SERAP writes Buhari
On its part, SERAP urged President Buhari to instruct the Minister of Communications and Digital Economy, Mr Isa Pantami, and Director-General of NIMC, Mr Aliyu Abubakar to withdraw the directives.
SERAP, in a letter to Buhari, by its Deputy Director, Kolawole Oluwadare, maintained that the data being sought already exists on several platforms, including the Bank Verification Numbers, BVN, driver’s license, international passport, and voters’ card.
The letter read: “Instead of forcing Nigerians to register, threatening telecom service providers with sanctions, and exposing Nigerians to the risks of CoviD-19, your government ought to make sure that the NIMC discharges its statutory functions to harmonize and integrate existing identification databases in government agencies, and make use of the information collected.
“The request for Nigerians to register for NIN is burdensome, unjustified and unnecessary. It would end up serving no other purpose than to threaten and violate the rights of Nigerians, and create a ‘chilling effect’ on citizens’ ability to participate in the fight against corruption in the country, and thereby seriously undermining the government’s oft-repeated commitment to transparency and accountability.
“There is neither a pressing legal or practical need for this registration, which threatens Nigerians’ human rights, especially at a time your government is warning Nigerians about the second wave of the Covid-19 outbreak in the country. Blocking Nigerians from using their SIM cards would amount to a blatant violation of their rights to freedom of expression and access to information, and have a ‘chilling effect’ on the enjoyment of other human rights.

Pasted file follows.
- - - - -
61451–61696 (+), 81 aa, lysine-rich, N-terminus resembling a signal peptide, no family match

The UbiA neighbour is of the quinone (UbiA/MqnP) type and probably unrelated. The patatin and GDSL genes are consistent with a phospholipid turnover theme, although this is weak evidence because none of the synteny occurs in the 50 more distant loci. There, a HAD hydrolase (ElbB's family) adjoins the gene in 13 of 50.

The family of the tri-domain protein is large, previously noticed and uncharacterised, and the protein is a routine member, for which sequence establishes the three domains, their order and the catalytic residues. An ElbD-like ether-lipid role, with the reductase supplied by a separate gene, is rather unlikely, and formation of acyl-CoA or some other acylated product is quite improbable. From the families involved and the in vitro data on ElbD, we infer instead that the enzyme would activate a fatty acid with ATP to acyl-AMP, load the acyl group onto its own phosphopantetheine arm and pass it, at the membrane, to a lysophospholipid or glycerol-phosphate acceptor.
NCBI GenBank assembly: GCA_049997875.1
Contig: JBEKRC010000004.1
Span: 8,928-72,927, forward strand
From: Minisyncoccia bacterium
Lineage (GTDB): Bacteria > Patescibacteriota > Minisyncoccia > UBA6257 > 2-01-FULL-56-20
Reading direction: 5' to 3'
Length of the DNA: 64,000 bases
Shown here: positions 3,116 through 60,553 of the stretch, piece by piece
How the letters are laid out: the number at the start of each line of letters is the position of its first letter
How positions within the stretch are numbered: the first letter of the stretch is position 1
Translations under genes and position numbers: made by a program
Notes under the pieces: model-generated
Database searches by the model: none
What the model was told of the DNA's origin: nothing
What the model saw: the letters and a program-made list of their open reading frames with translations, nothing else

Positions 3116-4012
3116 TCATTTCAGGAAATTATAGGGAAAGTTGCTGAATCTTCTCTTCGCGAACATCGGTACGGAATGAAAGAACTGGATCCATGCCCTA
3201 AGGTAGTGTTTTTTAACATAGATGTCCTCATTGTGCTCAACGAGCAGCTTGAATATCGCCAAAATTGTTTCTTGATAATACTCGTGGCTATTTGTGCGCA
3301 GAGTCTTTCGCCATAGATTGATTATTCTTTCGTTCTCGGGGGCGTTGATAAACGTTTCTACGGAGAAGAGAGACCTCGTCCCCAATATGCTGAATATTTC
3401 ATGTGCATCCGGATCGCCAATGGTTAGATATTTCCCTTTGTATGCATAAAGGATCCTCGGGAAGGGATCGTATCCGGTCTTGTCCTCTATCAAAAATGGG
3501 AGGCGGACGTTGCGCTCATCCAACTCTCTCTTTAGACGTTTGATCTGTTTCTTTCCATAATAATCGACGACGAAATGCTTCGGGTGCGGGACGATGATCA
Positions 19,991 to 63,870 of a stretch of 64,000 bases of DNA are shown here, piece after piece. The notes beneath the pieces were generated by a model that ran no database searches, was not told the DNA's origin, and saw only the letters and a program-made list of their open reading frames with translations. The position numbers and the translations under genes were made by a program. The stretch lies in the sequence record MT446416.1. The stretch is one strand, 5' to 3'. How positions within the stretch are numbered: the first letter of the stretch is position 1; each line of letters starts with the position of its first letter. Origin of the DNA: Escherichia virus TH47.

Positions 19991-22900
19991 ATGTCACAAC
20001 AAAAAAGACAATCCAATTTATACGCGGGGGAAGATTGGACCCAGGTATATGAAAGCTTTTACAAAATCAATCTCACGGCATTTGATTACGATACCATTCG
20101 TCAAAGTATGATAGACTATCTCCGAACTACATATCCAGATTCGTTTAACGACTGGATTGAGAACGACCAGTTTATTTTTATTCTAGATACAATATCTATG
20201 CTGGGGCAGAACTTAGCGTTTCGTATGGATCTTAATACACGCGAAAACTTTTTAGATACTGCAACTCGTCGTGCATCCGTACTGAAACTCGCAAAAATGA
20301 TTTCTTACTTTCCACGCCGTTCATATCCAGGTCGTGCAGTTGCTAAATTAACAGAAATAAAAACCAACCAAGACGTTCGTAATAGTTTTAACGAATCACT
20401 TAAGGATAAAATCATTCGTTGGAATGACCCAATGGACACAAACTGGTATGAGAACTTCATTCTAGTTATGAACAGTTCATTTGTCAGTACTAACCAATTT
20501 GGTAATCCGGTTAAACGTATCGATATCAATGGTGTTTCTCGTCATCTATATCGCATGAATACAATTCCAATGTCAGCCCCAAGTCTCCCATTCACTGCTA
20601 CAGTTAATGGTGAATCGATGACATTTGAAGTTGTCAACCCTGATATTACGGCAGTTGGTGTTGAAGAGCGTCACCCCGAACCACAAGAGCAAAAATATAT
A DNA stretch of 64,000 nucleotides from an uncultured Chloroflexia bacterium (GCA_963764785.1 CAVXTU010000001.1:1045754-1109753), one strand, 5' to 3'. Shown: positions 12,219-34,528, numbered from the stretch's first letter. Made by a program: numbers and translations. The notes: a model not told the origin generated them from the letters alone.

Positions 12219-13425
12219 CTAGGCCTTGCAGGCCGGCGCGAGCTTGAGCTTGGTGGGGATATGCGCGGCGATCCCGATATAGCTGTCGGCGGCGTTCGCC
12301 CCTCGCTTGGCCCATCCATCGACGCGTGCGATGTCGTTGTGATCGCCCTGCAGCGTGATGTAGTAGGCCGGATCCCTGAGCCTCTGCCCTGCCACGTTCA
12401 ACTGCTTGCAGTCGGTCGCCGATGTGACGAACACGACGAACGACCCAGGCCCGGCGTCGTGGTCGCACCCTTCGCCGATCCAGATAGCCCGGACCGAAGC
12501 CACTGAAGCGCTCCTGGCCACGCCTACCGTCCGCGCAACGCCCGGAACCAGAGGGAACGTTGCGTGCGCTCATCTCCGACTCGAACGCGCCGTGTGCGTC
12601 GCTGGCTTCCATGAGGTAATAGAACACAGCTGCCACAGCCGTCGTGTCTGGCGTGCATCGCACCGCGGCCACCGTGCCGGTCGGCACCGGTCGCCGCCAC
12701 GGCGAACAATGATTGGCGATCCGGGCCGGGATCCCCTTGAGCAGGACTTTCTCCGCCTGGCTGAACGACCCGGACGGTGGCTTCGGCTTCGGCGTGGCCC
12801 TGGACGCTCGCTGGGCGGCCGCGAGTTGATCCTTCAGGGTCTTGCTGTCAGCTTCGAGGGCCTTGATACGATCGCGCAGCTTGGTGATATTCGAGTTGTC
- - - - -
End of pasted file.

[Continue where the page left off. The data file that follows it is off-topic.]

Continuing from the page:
“We would be grateful if your government would indicate the measures being taken to stop the unnecessary registration of NIN, withdraw the threat to block SIM cards, and take concrete measures to promptly ensure that NIMC is able to faithfully discharge its statutory functions to harmonize and integrate existing identification databases in government agencies into the National Identity Database, within seven days of the receipt and/or publication of this letter.
“If we have not heard from you by then as to the steps being taken in this direction, SERAP shall take all appropriate legal actions to compel your government to implement these recommendations in the interest of millions of Nigerians.
“One of the stated purposes of NIMC as elaborated in Section 5 (a) of the NIMC Act is to harmonise and integrate existing identification databases in government agencies into a national identity database. If the NIMC cannot perform this important statutory duty, then it has failed to achieve an obvious part of its legislative purpose.